Former child star Tommy Kirk, best known for his roles in Disney films such as "Old Yeller" and "The Shaggy Dog," has died at age 79.
The actor's "Old Yeller" co-star, Beverly Washburn, confirmed the news, explaining that he died "peacefully" at his Las Vegas home on Tuesday night.
"He was so loved," Washburn told Fox News. "Anybody who has ever met Tommy can attest to the fact that he was so fan-friendly."
Kirk's long-time friend Paul Peterson also shared the news in a tribute on Facebook.
"Tommy was intensely private. He lived alone in Las Vegas, close to his friend…and "Ol Yeller" co-star, Bev Washburn…and it was she who called me this morning," he wrote. "Tommy was gay and estranged from what remains of his blood-family. We in A Minor Consideration are Tommy’s family. Without apology. We will take care of this. Please know that Tommy Kirk loved you, his fans. You lifted him up when an Industry let him down in 1965. He was not bitter. His church comforted him. May God have mercy on his soul."
Kirk began his career with appearances in television shows including "The Hardy Boys: The Mystery of the Applegate Treasure" and "The Hardy Boys: The Mystery of the Ghost Farm," which aired in 1956-1957, according to the Associated Press.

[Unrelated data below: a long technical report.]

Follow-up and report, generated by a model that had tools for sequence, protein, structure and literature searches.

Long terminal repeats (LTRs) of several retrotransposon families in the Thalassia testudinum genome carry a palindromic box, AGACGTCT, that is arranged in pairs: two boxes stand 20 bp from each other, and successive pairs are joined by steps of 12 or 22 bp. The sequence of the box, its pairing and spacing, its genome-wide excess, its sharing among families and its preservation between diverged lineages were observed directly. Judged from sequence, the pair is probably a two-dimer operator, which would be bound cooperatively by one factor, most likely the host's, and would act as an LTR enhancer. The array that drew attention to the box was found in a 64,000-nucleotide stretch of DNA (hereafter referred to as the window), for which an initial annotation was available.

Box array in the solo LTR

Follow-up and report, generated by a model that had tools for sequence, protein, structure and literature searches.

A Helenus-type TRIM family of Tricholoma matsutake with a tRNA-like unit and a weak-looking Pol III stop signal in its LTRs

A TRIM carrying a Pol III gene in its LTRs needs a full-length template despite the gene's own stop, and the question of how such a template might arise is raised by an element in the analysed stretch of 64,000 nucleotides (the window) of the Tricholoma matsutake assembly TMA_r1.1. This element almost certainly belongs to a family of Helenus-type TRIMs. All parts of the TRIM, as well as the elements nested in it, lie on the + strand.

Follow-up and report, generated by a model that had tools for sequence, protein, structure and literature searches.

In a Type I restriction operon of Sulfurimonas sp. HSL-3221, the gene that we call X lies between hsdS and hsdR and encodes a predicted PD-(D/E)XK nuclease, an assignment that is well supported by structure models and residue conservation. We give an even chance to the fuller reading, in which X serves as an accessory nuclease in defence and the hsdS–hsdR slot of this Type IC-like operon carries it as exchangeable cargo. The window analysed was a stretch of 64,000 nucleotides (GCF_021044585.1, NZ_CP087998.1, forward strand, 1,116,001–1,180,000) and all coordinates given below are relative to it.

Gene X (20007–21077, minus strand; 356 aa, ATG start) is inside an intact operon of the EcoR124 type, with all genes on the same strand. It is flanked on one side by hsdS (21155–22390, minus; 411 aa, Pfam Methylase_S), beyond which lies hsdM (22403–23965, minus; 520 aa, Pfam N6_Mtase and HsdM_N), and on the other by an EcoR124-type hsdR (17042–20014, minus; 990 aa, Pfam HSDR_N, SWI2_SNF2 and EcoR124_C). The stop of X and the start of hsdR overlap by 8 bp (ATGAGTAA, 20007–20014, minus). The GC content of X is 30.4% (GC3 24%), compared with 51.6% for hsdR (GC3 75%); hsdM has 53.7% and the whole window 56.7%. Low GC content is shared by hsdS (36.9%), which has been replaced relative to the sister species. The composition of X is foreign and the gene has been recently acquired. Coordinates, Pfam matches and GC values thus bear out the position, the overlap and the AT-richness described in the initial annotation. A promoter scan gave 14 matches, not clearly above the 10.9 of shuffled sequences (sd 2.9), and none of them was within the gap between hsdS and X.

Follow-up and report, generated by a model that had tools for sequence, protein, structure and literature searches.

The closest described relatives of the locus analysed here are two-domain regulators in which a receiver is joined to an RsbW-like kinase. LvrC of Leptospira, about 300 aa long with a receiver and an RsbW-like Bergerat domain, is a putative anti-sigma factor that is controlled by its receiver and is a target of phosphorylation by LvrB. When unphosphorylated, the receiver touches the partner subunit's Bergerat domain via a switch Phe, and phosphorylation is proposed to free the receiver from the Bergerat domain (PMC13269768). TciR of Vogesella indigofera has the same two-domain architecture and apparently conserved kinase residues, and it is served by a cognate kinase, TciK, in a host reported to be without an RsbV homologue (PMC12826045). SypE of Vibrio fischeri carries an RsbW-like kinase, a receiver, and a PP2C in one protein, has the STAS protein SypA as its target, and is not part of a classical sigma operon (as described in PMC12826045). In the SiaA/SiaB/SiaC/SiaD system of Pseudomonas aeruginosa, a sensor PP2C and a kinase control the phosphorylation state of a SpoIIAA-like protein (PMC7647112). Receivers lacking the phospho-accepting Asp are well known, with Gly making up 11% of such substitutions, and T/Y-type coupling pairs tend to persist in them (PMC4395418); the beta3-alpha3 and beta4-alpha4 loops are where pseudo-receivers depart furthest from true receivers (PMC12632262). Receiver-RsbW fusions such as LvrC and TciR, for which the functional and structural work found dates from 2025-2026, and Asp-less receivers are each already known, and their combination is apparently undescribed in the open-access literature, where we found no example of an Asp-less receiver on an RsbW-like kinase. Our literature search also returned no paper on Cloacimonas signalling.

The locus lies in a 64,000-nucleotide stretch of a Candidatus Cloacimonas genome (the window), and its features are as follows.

Then, in 1957, he landed the breakout role as Travis Coates in "Old Yeller." This launched his career and Kirk would go on to star in several films such as "The Shaggy Dog" and "Swiss Family Robinson."
Then, in his late teens, Kirk came out as gay and would later reveal in an interview with Filmfax magazine that his sexual orientation destroyed his career.
"When I was about 17 or 18 years old I finally admitted to myself that I wasn’t going to change," he said, according to Deadline. "I didn’t know what the consequences would be, but I had the definite feeling that it was going to wreck my Disney career and maybe my whole acting career. It was all going to come to an end."
Also in the interview, Kirk admitted he was "desperately unhappy" during his teenage years.
"I knew I was gay, but I had no outlet for my feelings," he explained. "It was very hard to meet people and, at that time, there was no place to go to socialize. It wasn’t until the early ’60s that I began to hear of places where gays congregated. The lifestyle was not recognized, and I was very, very lonely."
Kirk quit acting in the 1970s and later established a carpet cleaning business in Los Angeles' San Fernando Valley.
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